The culturally rich heritage of our country is the epitome of many festivals and celebrations that go on throughout the year. Festivals are always fun and frolic filled up with interesting rituals and traditions followed by scrumptious delicacies.
Yet again, it is spring time. The time for celebrating New Year in India through the festival of Gudi Padwa in Maharashtra and Ugadi in Andhra Pradesh and Karnataka is finally here. This auspicious New Year which is celebrated in the month of Chaitra (the first month of the Hindu ‘lunisolar’ calendar) indicating the beginning of a new year. The Hindu calendar observes months according to the phases of the moon and it is during this time of the year when the bright light of the moon first shines that it is celebrated in various parts of the country in various names.
Here are some interesting traditions and rituals associated with this festival. The rituals are more or less same-
- An auspicious oil-bath – Traditionally people begin celebrating this festival by waking up early (at dawn) and bathe extensively in oil. It is known as Abhyangasna in Maharashtra and Thailabhyangana Snanam in Andhra and Karnataka.
- Cleaning and Decorations – After an oil bath they sweep their courtyards and plaster the homes with cow dung! This tradition is basically carried out by people in the villages. After a bath one should decorate the lintel of every door with a bunting of mango leaves (known as Thorana in Andhra Pradesh) signifying good harvest and good health and red flowers. Red flowers are used because red colour indicates auspiciousness.
- While making beautiful rangoli patterns on the doorstep in front of the Gudi is yet another practice carried out by most. Families make these intricate patterns together, giving them time to bond with one another.
- And here it is! All decked up GUDI is ready to be hoisted! – This is the most important ritual associated with this festival in Maharashtra. A Gudi is a long bamboo pole and a green, red or yellow bright colored silk zari cloth is tied to its tip. On this gathi (an Indian sweet) is tied along with neem leaves, coconuts, mango leaves and a garland of marigold flowers. On top of the Gudi is then placed an empty inverted jug made of brass, silver or copper and hoisted on the right side of the main entrance of the home, facing the sky.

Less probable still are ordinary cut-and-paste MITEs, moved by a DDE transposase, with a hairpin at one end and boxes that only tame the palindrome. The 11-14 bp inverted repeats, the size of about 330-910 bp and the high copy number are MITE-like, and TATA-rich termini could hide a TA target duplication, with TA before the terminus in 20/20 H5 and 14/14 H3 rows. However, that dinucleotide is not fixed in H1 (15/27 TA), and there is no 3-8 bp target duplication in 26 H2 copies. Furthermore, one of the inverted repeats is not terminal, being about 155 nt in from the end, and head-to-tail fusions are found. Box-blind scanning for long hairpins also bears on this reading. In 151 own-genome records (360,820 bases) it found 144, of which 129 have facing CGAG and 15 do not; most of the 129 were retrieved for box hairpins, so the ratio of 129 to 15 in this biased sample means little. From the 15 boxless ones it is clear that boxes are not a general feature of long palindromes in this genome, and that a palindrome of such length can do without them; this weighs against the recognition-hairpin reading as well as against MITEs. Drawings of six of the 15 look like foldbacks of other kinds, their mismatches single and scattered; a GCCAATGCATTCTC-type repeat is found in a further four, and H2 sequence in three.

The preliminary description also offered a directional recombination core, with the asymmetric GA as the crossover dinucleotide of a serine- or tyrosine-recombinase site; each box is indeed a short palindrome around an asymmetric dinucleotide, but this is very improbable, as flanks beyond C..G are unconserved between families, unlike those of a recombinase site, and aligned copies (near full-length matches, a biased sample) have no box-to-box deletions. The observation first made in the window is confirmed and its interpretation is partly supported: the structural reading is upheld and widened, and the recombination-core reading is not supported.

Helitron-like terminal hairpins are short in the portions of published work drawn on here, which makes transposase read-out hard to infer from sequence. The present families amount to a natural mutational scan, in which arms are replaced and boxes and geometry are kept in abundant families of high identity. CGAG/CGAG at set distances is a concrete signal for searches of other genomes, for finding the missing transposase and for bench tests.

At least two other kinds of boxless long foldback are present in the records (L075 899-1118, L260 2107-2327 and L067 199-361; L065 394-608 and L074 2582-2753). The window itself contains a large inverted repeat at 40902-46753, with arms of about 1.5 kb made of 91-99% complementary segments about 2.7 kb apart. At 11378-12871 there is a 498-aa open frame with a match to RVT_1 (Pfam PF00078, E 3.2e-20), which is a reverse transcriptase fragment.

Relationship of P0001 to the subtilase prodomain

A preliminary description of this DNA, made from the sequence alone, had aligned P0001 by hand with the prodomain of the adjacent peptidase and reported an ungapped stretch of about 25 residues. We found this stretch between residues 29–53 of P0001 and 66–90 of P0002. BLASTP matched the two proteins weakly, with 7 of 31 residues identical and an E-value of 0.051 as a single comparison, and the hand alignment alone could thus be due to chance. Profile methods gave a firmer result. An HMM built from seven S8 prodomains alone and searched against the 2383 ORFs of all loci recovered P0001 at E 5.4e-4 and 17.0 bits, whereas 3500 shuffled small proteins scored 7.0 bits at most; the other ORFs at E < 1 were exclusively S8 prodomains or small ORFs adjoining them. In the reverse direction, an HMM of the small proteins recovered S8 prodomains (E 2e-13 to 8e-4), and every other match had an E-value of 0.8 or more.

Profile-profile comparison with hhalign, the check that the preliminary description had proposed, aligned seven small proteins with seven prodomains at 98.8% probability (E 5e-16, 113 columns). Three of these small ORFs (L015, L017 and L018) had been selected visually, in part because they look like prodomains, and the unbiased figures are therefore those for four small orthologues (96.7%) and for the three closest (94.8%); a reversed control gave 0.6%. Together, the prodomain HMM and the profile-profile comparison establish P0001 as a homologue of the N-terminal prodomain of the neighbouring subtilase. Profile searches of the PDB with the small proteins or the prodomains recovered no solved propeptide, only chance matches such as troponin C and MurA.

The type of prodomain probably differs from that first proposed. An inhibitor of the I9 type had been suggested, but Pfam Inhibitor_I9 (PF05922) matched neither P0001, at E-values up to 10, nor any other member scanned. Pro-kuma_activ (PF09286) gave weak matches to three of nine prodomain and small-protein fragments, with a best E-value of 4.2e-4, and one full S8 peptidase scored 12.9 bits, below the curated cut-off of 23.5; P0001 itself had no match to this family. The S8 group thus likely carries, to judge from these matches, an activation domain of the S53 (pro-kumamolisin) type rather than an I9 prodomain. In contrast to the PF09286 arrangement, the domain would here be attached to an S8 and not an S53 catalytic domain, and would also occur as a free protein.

- While in Telugu culture, Ugadi Puja is performed praying for prosperity and happiness.
- Pray, Fest, Eat and Be Merry – Unlike most Indian festivals where prasad comprises something sweet, Gudi Padwa is one of the few festivals where people are treated with a unique preparation made from neem and jaggery. The bitter-sweet flavour resembles through the journey of life – mixed with happiness and sorrows. While the Gudi offering contains neem leaves and flowers, jaggery, cumin seeds, asafoetida and soaked dal.
- Besides, many Konkani and Marathi dishes are prepared including ‘Gathi’, which are together cherished by the families. More than this, clad in traditional nine-yard saris, women take to the streets to celebrate Gudi Padwa.
- Ugadi Pachadi – Raw mango slices are among the ingredients of Ugadi Pachadi, a must-taste festive dish that is unique to the culinary culture of the Telugu people. The women in Andhra Pradesh and Karnataka get busy making several different mango preparations. Ugadi Pachadi is not just an overtone of the festive celebration but also an integral part of the cultural tradition and a reference to the philosophy of life in the Telugu community. It is a dish of six different tastes and flavors – jaggery, raw mango, tamarind, neem flowers, salt and green chilli – that range from sweet to bitter. The ingredients of the dish symbolize the different phases and experiences of life that everyone undergoes during the journey from cradle to grave.
It’s time to enjoy, sit back and get immersed in the fiesta of celebrations for a new beginning and new life.
Happy Gudi Padwa and Happy Ugadi!